I tested each pedal into a 65amps London head and 2x12 cab and a 1x10 Fender Princeton (non-reverb) combo, using a Telecaster and a Les Paul.

Victory V1 the Duchess

You might think a tweed-flavored overdrive pedal based on a Victory amp best known for its clean to edge-of-breakup tones would verge on pointless, but from my first big, kerranging G chord, the Duchess proved delectable and utterly addictive.

Clipping-wise, this one runs from a gain-neutral boost to juicy lower-gain overdrive – pretty much the range of the average Tube Screamer or Klon, and these are rarely considered pointless.

It’s a detailed, articulate and succulently sweet tone enhancer throughout the range, though, and a great lower-gain overdrive by any measure.

Victory Amps V1 the Duchess

(Image credit: Victory Amps)

From the character and slight grit added at around 10 o’clock on the gain knob to more saturated levels up in the one o’clock to three o’clock range, everything impressed with its clarity and balance, and in the way that it always left each guitar sounding like itself, while making each amp sound better.

From my first big, kerranging G chord, the Duchess proved delectable and utterly addictive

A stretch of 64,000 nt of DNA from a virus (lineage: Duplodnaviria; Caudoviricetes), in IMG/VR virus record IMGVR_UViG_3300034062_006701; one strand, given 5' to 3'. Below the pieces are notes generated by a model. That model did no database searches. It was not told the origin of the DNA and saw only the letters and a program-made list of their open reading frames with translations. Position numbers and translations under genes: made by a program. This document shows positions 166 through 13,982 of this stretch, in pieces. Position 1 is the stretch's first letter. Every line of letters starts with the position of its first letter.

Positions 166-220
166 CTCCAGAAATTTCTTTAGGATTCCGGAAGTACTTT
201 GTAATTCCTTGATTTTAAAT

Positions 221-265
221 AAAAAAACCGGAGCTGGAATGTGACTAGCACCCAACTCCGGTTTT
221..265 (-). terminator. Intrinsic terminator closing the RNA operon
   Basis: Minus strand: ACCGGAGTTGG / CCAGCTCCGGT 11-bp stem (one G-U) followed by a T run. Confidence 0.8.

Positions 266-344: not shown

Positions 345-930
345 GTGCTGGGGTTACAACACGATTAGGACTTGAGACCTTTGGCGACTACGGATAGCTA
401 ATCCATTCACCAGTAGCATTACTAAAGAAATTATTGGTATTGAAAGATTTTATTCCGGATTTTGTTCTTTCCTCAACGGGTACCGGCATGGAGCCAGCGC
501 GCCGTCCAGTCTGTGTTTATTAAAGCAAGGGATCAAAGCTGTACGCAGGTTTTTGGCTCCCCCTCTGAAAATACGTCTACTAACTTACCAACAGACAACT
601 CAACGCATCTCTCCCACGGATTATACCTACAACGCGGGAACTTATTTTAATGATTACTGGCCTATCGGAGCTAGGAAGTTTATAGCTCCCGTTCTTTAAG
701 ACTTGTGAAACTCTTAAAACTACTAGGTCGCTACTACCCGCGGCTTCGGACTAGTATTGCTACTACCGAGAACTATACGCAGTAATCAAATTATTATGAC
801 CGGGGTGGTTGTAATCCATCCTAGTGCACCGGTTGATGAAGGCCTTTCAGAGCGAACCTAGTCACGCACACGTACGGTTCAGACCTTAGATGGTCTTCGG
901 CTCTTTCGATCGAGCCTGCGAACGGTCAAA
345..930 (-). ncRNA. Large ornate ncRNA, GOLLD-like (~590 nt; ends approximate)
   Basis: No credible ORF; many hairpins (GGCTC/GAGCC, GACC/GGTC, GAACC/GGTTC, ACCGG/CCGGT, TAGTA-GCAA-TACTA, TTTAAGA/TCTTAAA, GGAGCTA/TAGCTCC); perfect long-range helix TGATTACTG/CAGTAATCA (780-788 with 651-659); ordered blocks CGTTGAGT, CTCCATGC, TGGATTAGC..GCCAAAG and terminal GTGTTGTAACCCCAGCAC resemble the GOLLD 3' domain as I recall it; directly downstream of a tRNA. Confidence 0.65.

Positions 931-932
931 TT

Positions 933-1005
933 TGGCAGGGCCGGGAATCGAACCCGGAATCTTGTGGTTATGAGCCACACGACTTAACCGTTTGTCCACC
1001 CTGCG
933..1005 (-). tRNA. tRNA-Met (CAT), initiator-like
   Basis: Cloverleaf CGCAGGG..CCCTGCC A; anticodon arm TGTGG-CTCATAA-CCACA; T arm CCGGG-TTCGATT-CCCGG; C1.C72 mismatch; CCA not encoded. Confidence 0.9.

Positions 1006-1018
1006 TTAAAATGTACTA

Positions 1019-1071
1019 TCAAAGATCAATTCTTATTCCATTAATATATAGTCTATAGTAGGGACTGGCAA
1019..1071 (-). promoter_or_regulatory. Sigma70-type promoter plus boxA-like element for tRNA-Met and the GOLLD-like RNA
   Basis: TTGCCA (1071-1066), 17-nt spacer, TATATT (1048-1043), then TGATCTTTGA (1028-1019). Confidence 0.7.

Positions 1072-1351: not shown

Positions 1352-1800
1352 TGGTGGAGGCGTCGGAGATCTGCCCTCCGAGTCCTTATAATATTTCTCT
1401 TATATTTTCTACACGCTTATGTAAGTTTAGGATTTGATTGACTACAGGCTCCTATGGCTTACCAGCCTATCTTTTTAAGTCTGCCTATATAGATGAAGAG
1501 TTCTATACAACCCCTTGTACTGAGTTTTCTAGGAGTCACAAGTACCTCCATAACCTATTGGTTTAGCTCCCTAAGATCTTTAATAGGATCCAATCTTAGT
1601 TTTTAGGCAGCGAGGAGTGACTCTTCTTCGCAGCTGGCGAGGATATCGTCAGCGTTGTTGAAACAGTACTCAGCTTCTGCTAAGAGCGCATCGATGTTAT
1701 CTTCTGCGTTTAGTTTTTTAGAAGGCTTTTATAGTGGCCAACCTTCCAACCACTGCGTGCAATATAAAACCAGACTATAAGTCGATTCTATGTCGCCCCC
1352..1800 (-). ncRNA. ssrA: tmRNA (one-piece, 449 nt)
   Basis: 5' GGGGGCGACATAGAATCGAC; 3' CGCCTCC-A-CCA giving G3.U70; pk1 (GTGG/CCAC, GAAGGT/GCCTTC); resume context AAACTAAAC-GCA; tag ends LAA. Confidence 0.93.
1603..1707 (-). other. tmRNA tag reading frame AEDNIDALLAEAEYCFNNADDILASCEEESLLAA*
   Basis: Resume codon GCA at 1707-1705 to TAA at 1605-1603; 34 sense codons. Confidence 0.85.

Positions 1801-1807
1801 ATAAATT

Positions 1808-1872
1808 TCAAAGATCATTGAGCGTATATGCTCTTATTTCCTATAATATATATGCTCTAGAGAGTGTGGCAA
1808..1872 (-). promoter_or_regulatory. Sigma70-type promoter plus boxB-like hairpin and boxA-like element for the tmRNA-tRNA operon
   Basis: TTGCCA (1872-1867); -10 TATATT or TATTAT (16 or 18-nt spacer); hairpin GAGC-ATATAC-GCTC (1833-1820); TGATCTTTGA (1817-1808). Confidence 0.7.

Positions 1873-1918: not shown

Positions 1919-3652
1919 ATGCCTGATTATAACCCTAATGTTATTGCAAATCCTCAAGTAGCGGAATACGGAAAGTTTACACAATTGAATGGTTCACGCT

If not instructed, I wouldn’t automatically have thought “tweed overdrive” and would merely have taken the Duchess for a very appealing and dynamic American-voiced OD.

Add great pick dynamics, the ability to clean up well at the guitar’s volume control (while retaining its own girth and personality) and the versatility of the three-band EQ, and the Duchess is a total winner.

Caveats? Like many tweed amps themselves, things get a little hairy and murky with the gain maxed out. Even that works well for Neil Young-style lead excursions, but the pedal really excels in the 11 o’clock to two o’clock realm on the gain.

Victory V1 the Jack

The Jack emulates an original Victory amp model, designed in collaboration with Guthrie Govan to suit his perfect fly rig, and as such it’s a little harder to pin a label on.

To my ears, it sits in that ground between earlier Boogie Mark series and the late-’70s/early ’80s Marshall 2204 Master Model, but with plenty of its own personality. It’s darker and warmer than the Duchess, with more girth and aggression and a pronounced midrange bark.